ANDY Parry was on the hunt for the cute and cuddly hiding out at the teddy bears’ picnic.
The picnic was held in the Lions Park last week for families with a child suffering from spina bifida, with an occupational therapist, speech pathologist and physiotherapist from the Spina Bifida Hydrocephalus association in attendance.
The group of specialists made the annual visit to the Central Highlands to meet with families and interact with the children in their own environment.
Occupational therapist Therese Dwyer said the group was visiting Emerald, Barcaldine, Blackwater and Middlemount during its one-week stay.
“We get to see them in their own home environment and in the community,” she said.
“We also met with people who support them.”
While here, they will also meet with local therapists and education staff who normally look after the children to give specialised support, information or answer questions.
The association has been of particular help to Emerald’s Parry family whose 13-month-old son Andy has spina bifida.
Mum Kate said she and her husband Jason discovered Andy had the condition when she was 20-weeks pregnant with him.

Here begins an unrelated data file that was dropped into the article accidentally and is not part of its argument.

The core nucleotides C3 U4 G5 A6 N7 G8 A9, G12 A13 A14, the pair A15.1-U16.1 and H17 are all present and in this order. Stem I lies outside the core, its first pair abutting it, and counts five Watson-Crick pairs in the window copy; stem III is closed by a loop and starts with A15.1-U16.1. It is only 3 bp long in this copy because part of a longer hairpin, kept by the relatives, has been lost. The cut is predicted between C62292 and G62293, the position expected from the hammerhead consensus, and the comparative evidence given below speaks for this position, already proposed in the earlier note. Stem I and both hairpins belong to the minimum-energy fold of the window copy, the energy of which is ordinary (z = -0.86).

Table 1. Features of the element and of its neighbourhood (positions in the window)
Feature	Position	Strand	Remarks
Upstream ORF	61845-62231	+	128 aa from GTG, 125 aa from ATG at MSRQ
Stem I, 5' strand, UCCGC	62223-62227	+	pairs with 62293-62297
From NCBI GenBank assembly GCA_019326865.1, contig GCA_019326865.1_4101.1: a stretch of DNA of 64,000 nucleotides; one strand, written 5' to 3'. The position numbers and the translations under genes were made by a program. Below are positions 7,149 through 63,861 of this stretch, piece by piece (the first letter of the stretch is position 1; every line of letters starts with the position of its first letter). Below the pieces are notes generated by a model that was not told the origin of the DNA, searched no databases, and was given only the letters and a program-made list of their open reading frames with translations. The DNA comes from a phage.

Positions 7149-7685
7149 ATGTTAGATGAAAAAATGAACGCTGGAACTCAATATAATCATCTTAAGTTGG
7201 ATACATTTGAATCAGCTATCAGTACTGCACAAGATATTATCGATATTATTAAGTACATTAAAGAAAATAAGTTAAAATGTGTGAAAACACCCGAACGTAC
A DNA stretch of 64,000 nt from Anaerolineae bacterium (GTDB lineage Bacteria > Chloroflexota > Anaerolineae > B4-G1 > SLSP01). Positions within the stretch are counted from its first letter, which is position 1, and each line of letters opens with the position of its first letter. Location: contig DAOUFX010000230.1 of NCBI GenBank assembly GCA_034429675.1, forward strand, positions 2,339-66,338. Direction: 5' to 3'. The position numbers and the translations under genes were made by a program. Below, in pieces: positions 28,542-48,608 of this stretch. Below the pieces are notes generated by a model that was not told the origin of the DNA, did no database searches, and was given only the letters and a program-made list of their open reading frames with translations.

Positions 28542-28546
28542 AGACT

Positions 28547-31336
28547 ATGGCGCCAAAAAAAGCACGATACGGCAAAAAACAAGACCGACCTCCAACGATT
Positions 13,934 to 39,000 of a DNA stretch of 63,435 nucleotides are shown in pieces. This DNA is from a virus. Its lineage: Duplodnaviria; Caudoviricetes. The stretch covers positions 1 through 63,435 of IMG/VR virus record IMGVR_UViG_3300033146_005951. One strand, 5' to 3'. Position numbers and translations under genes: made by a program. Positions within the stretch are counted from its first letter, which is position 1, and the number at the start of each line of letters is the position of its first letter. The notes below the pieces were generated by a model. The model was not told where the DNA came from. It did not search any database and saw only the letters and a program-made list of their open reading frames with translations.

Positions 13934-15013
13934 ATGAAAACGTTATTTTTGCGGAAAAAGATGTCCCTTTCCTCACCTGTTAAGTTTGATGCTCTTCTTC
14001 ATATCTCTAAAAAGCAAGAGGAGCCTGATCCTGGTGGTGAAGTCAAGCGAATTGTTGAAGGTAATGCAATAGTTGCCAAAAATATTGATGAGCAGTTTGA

Three days before she gave birth she rang Spina Bifida Hydrocephylus Queensland to find out a bit more about the condition.
“We didn’t know what to expect so I decided to ring up,” Kate said. “The next day they were up at the hospital with information. They were support for what to expect.”
Andy’s condition has stabilised and now he only has to visit the doctor and a number of specialists every six months.
“They are reassurance that you are doing the right thing or give advice on how to do things differently if needed,” Kate said.
“He is doing really well, we treat him like our other kids - he gets just as much attention and is just as special.
“He is cheeky, cuddly and gets into everything.”
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